As our interpersonal interactions occur more and more in the digital realm, the negative byproducts seem to grow in fierceness and persistence. Even the most casual of social media users is likely to have experienced some form of hostility, mistruths, or aggressive trolling.
Just how bad is it? A recently conducted census representative survey by Dalia Research finds that 34% of Germans using social media have read articles or news that were intentionally misleading or not truthful (fake news), 16% have received offensive messages or comments from someone they don’t know, 14% have received sexually offensive messages, and 3% have received threats. 16% of Germans have also reported a user for abuse on social media. Overall, men report higher instances of offensive comments, threats and fake news overall, while German women report experiencing more sexual harassment than men (16% v. 12%).
The increasing levels of internet hate speech, harassment and fake news has led Germany to create the NetzDG law, which requires social media sites like Twitter, Reddit and Youtube to remove hate speech, threats, fake news and other controversial content within 24 hours. The consequence of failing to remove banned content: up to 50 million euros in fines. As a result, social media companies in Germany have found ways to comply to the new law. For instance, Facebook has two deletion centers in Germany with 1,200 employees solely dedicated to monitoring content. While some applaud the law as being among the first of its kind to take precautionary steps against the spread of hate speech and fake news, NetzDG has also come under scrutiny from free speech advocates who say censorship shouldn’t be left in the hands of private companies. While the law was developed by the Social Democrats, opponents to the NetzDG come from all sides of the political spectrum, including the Free Democratic Party (FDP), the Green Party, and the Alternative for Germany (AfD).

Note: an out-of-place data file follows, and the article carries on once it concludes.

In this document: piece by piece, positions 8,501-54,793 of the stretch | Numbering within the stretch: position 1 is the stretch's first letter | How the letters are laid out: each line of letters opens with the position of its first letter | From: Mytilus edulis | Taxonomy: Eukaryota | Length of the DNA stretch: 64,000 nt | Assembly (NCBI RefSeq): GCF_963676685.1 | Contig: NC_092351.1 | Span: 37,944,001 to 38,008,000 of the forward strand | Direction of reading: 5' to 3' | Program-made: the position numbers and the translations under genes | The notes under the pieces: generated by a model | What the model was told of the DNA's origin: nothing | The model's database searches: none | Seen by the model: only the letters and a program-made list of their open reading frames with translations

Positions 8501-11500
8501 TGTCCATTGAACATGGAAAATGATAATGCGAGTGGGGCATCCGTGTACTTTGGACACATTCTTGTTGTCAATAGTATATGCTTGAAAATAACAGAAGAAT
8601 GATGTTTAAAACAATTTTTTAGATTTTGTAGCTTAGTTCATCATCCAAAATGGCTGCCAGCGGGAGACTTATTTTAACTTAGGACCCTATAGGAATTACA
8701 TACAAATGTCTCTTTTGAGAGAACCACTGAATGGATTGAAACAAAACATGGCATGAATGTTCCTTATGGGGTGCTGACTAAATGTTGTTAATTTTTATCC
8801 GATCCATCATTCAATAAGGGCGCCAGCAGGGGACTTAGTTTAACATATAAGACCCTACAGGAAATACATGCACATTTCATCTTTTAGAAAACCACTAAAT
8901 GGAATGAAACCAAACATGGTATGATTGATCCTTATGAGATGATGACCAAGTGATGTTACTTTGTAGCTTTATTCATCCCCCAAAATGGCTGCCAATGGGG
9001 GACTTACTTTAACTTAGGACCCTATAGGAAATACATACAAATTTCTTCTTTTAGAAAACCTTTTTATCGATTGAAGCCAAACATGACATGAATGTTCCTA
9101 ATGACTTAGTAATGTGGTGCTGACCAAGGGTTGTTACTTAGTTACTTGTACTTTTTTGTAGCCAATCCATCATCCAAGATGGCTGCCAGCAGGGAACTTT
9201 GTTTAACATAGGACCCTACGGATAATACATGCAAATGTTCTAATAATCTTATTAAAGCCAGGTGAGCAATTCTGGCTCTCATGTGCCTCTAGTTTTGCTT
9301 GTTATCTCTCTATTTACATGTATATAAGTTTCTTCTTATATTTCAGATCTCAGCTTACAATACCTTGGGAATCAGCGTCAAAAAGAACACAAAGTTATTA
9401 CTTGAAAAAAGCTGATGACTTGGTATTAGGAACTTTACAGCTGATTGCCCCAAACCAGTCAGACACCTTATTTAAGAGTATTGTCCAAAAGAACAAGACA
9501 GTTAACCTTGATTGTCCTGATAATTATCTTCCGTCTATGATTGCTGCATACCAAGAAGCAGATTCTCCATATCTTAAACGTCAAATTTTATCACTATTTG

Yet, when given a short summary of the censorship policy*, German respondents showed overwhelming support: 67% of Germans said they strongly approve of the policy and 20% somewhat approve for 87% in total. 7% neither approve or disapprove, and only 5% disapprove. According to Dalia’s study, such a policy would also fare well in France, the UK and the US. Respondents from France and the UK approve of the policy at 82%. 69% of Americans approve of the policy too, however only 46% of Americans strongly approve, compared to 57% in France and 56% in the UK.
*“As of 2018, German law states that if social media firms like Twitter, Reddit, and Youtube do not remove hate speech, threats, fake news or other controversial content within 24 hours, they will be fined.”
First, these results should be taken with a grain of salt. It is highly possible that due to self-selection bias of social media users, the participants in this survey are more likely to come across inflammatory online content than most. However, the results do show that there is great support for a policy like NetzDG, in theory. In practice though, support is undoubtedly more complicated. Most people seem to agree with the idea of monitoring and removing fake news and harmful content, but the real question is who should be the arbitrator with the responsibility of classifying content as harmful or legitimate?
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About the survey
This report presents an overview of a study conducted by Dalia Research in March 2018 on public opinion of social media censorship across internet connected respondents in Germany, France, the US, and the UK. The total sample size is n=2.021 (Germany=505, France=508, UK=500, US=508). The total sample takes into account the current population distributions with regard to age (14-65 years), gender and region/country.
In order to obtain census representative results, the data were weighted based upon Eurostat statistics. The target weighting variables were age, gender, level of education (as defined by ISCED (2011) levels 0-2, 3-4, and 5-8), and degree of urbanization (rural and urban). An iterative algorithm was used to identify the optimal combination of weighting variables based on sample composition within each country. An estimation of the overall design effect based on the distribution of weights was calculated at 1 at the global level. Calculated for a sample of this size and considering the design-effect, the margin of error would be +/- 4.4% at a confidence level of 95%.
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